About the Podcast:

Asia Bijan Thompson's journey of perseverance is a lesson for everyone. In this episode, Clancy and Asia speak about finding empowerment in the shame that can come from needing food help and other social supports, debunk the stigma around anti-poverty safety-net programs, and a talk about using your story to educate and uplift similarly situated people!

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Name:

Asia Bijan Thompson

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Supplemental Material:

Episode 11 of the Food Dignity Podcast, “What is it like being a Single Mom in America?

Follow on Social:

Her #1 tip to improve access to healthy food:

Your stories make you beautiful.

About Asia Bijan Thompson: 

From homeless to lawyer, Asia empowers people to achieve their dreams, regardless of the obstacles. Asia Bijan Thompson is an award-winning social justice activist, motivational speaker, and author. Asia is the shining example of spectacular triumph.

As a single mother of two and survivor of domestic violence and hunger, Asia’s persistence empowered her to graduate with honors from New York Law School by the age of 27. Even at a young age, Asia demonstrates and teaches her incredible skills of self-determination, strength, and positive attitude.

Persistence, mindset, grit, and confidence are her gifts. Asia uses her life-changing story to motivate other people to make a difference in their own lives and reach for a greater purpose for all. A passionate anti-poverty, anti-hunger activist and speaker, Asia captivates audiences through storytelling and messages of hope. At the core of her inspirational messages is the importance of perseverance.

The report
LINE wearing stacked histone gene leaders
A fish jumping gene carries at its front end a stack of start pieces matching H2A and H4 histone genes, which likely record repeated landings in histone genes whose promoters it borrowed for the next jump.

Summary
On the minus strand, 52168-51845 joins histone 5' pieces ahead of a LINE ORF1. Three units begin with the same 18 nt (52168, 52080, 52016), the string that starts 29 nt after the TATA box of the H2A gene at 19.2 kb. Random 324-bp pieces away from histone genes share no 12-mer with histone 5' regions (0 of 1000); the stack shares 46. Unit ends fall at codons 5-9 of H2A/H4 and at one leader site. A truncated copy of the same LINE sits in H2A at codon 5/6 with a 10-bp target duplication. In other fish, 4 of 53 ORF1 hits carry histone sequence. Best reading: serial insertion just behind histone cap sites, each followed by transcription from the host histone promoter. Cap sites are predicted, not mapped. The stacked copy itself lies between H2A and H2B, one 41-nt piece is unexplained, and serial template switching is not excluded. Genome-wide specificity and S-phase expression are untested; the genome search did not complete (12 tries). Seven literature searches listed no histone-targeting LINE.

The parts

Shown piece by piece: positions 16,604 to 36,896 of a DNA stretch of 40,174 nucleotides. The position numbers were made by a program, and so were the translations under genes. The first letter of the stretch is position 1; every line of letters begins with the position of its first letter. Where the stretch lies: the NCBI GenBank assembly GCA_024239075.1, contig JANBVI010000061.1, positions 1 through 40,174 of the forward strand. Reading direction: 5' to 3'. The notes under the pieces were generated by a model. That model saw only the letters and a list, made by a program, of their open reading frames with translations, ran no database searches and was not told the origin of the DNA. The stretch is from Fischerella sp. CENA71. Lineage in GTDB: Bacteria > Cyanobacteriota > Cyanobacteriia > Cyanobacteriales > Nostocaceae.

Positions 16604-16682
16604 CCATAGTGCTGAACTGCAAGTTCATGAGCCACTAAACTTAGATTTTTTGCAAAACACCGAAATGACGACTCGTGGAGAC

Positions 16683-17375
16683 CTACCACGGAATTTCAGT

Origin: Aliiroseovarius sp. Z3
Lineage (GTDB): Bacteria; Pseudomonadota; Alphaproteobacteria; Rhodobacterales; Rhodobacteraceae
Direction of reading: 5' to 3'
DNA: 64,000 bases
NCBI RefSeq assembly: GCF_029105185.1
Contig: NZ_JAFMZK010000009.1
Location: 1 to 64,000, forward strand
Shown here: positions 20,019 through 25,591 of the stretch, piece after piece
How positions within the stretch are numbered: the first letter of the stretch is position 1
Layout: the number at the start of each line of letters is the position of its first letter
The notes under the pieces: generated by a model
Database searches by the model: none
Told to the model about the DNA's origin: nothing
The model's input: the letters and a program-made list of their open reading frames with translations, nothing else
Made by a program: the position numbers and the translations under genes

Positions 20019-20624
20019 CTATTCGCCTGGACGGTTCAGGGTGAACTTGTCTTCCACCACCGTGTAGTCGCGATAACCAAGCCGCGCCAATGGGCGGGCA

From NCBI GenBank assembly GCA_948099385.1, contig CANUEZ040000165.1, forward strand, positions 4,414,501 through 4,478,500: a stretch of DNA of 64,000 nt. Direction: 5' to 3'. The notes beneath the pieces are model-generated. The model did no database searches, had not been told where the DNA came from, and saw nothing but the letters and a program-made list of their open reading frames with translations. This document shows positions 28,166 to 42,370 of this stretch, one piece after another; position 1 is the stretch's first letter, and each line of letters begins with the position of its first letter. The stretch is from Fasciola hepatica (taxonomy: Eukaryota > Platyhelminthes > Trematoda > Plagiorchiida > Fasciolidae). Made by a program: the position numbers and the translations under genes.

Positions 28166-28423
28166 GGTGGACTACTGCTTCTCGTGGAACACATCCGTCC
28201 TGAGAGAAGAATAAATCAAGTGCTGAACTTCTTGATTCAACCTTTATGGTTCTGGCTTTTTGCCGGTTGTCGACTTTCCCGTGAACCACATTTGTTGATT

Asia shared her message as a nationally recognized speaker with Congress, Huffington Post, and Bustle. At the age of 21, Asia spoke at one of the largest healthcare conferences in the United States, The National Academy of Nutrition & Dietetics (FNCE) and the RESULTS’ International Conference for anti-poverty advocacy and lobbying.

Currently, Asia is a public defender working to advocate for children within the child welfare system, and a member of the Food Dignity® Project’s Board of Directors.

Discussion Takeaways:

  • It is ok to get help when you need help.
  • Asia would not have been able to go to school full time as a single mother without the help of government assistance programs such as the Supplemental Nutrition Assistance Program (SNAP), childcare assistance, and subsidized housing. All these programs made the impossible, possible.
  • Typically, it takes a single mother 11 years to finish their undergrad degree. Most moms drop out after their sixth year.
  • Asia knows that if she stayed in the position she was in prior to going to college, she wouldn’t be here anymore.
  • When kids wake up and wonder if they could eat that day, they don’t have room to dream about what they could do in life. Fortunately, Asia’s kids don’t remember and are not traumatized by the times that they went hungry regularly.
  • Asia’s kids dream now that they have their basic needs met. They wonder about their future and have huge plans for their life.
  • Never be afraid to share your story or where you have been. You are not alone.
  • Remember that food and other support programs can allow for someone to go to law school or even change the world.
  • People need to know they are not alone in their current circumstance. Share your story. Raise your voice. Let people know you’ve made it through hard stuff too.

Also, remember that sharing is caring